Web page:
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Equality expert comments on the EHRC's findings

Comment by Peninsula Head of Advisory Kate Palmer

Discrimination on the grounds of pregnancy and maternity was explicitly included within the law in 2010. However, women were afforded protection against detrimental treatment for these reasons for many years before. A recent study by the Equality and Human Rights Commission has shown that, despite the longstanding prohibition, employers still make recruitment decisions based on a female candidate’s plans to have a family and find pregnancy a “burden” in the workplace.

Asking questions in a recruitment interview about a plans to have children in the future should be avoided. It emphatically announces the employer’s intention to factor the response into their decision over who gets the job: someone who is likely to have a year out of the business at some point or someone who is not. Making decisions based on pregnancy, or likely pregnancy, is unlawful.

Employers may be under the impression that, because the female candidate is not actually pregnant at the time of the interview, that the anti-discrimination laws do not kick in yet. Or that because the candidate does not actually work for them yet, the law does not apply. But they would be wrong. Employers must do more to realise the wide scope of discrimination laws to protect themselves against Employment Tribunal claims and the subsequent impact on brand reputation.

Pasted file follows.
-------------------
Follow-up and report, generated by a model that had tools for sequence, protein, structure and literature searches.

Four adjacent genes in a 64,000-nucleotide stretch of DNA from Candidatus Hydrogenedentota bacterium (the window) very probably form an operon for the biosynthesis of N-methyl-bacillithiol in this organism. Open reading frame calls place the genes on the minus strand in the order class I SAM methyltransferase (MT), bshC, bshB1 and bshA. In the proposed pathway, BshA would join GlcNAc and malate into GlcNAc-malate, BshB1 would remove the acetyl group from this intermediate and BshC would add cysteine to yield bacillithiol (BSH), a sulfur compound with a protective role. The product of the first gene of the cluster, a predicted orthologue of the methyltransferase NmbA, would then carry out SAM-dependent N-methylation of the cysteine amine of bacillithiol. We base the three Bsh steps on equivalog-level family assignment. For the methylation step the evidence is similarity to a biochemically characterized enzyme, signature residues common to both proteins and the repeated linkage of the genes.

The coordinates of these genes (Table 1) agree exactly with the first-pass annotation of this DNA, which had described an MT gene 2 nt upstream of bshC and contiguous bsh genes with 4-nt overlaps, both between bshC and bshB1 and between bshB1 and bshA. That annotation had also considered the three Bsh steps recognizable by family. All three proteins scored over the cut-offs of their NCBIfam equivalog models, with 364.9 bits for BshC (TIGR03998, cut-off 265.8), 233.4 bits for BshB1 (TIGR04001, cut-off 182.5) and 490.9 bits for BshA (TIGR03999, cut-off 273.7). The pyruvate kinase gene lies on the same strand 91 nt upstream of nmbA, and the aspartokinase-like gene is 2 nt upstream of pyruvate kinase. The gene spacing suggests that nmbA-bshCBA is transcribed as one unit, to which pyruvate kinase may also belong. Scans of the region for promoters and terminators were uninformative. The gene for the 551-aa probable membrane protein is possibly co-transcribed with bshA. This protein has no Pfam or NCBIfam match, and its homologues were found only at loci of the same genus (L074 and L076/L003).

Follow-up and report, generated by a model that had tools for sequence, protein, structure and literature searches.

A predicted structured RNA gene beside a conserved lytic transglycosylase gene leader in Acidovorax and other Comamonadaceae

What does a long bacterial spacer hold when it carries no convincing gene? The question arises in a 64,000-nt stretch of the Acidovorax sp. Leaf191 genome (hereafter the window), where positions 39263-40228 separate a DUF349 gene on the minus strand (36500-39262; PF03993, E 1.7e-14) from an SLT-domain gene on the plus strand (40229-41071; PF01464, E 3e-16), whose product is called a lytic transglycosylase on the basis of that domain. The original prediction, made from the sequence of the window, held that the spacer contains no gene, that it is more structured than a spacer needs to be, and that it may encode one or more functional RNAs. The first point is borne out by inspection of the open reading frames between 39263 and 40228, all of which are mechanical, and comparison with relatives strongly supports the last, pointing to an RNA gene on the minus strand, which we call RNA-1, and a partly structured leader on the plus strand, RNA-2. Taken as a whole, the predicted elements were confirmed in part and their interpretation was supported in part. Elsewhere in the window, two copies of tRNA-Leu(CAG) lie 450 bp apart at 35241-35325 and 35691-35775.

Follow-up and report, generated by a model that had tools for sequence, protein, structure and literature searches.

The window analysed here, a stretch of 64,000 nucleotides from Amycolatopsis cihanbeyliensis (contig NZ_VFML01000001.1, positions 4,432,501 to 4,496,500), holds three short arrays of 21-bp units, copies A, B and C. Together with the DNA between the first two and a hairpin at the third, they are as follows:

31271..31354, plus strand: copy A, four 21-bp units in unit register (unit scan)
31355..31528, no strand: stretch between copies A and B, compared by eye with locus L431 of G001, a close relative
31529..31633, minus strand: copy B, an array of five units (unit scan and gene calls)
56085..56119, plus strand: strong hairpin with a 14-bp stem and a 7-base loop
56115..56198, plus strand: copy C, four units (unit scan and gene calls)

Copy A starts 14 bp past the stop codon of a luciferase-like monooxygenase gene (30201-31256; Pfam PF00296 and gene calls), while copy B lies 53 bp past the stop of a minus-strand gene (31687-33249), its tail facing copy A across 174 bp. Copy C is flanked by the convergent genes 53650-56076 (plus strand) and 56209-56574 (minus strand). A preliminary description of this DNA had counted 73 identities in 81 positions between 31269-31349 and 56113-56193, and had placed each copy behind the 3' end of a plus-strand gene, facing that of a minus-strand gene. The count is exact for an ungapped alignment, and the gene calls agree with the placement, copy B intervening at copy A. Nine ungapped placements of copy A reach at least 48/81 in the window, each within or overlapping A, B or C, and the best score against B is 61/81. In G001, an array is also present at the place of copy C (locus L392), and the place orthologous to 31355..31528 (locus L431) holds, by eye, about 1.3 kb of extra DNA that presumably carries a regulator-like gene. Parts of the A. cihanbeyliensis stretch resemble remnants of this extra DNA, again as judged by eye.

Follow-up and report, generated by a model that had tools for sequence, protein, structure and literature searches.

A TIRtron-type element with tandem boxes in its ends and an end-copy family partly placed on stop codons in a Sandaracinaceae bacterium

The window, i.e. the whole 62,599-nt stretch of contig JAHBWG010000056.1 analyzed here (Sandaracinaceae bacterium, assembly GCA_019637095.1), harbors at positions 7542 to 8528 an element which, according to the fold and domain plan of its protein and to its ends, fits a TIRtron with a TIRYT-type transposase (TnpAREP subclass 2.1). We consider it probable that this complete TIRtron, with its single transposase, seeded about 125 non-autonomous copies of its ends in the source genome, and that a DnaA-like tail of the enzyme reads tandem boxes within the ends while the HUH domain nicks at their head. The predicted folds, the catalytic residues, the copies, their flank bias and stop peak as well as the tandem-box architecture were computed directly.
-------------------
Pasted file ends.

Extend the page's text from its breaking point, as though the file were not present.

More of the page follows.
A good starting point would be to consider current policies within a company and ensure that they are written from the point of view of protecting new and expectant mothers. Ask yourself: would our current practices mean that a new or expectant other would receive unfair treatment? This question should be asked for all processes from recruitment to termination and sometimes beyond, e.g. when giving references. If the answer is yes, then make a change.

It appears the Government must do more to dispel the seemingly common thought that women are less committed to work after having a baby. It must also do more to make clear to employers that questions asked at interview can lead to claims of discrimination at Employment Tribunal, the process for which is now without cost to the employee.